In 2017 and 2018, the legislature overrode Cooper’s vetoes and passed its own budget. His vetoes withstood override attempts in 2019 and 2020, and the state went without an updated budget. Spending continued at prior levels, leaving needs unmet and issues unaddressed.

The Governor’s plan won’t pass this year, again. We’ll see if he persuades Republicans to make significant changes. But he has met his responsibility, as the state’s chief executive and the Democratic Party’s leader, to offer an alternative vision for North Carolina’s future.



Senate budget:

State revenue situation:

Governor’s budget:

UNC and the Debate Over Dissent

We Americans have a contradictory history when it comes to tolerating, or not tolerating, dissent. The latest chapter is the Nikole Hannah-Jones controversy at UNC-Chapel Hill.

The fight, fittingly, played out around July 4th, the most American of holidays. We take off work, grill hot dogs and set off fireworks to celebrate our Declaration of Independence – and, supposedly, our dedication to independence of speech and thought.

That dedication has been tested from the nation’s beginning.

In 1798, Congress and President John Adams passed the Alien and Sedition Acts. The sedition law outlawed any “false, scandalous and malicious writing” against Congress or the President and made it illegal to conspire “to oppose any measure or measures of the government.” A congressman and a journalist were convicted and sent to jail. The laws were repealed or expired after Thomas Jefferson was elected President in 1800.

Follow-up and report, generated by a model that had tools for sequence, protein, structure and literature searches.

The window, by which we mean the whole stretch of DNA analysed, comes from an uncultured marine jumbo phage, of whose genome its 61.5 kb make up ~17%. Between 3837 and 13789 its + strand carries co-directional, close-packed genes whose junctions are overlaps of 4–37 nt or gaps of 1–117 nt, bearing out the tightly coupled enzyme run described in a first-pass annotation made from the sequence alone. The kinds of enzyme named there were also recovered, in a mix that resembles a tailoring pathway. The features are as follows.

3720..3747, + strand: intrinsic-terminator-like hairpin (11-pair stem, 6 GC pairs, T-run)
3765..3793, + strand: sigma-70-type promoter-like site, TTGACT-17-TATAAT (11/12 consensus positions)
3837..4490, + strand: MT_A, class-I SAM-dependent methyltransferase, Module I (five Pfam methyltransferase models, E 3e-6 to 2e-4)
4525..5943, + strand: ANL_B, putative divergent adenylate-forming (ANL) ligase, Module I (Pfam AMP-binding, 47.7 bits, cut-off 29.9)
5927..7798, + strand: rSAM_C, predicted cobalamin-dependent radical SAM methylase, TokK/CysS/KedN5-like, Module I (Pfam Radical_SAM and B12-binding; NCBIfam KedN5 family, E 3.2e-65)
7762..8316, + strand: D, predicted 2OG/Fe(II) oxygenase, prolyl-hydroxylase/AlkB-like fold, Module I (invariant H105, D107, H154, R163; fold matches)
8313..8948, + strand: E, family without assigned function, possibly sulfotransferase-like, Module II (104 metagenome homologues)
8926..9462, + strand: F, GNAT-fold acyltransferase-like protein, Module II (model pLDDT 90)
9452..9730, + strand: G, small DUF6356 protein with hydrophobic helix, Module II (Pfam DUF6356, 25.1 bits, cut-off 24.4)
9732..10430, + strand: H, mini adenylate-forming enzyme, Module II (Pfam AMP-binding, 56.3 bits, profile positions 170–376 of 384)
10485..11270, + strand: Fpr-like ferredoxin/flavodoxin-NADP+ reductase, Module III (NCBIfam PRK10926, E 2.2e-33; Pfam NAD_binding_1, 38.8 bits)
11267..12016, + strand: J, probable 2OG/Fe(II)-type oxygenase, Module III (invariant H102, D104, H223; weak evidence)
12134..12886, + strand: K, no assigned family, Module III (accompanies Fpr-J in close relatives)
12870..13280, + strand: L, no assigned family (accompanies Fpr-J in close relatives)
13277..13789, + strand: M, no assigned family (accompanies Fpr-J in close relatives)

Race and dissent have long been intertwined. Before the Civil War, Southern states banned abolitionist writing and speaking. The U.S. House passed a Gag Resolution in 1836 to squelch discussion of abolishing slavery. For 100 years after the Civil War, advocating for Black Americans’ civil rights could be dangerous.

In the 1960s, racist demagogues like North Carolina’s Jesse Helms, a television editorialist then, conflated communism and civil rights. In 1983, Senator Helms filibustered against a national holiday for Dr. Martin Luther King, Jr. Helms said King followed a philosophy of ”action-oriented Marxism” that ”is not compatible with the concepts of this country.”

Helms was a father of the Speaker Ban Law that thrust UNC-Chapel Hill into a battle over free speech almost 60 years ago. On the last day of the 1963 session, after just an hour of debate, the legislature enacted the law, which “prohibited speeches on North Carolina public college campuses by ‘known’ members of the Communist Party, persons ‘known’ to advocate the overthrow of the constitutions of North Carolina or the United States, or individuals who had pleaded the Fifth Amendment in order to decline answering questions concerning communist subversion.”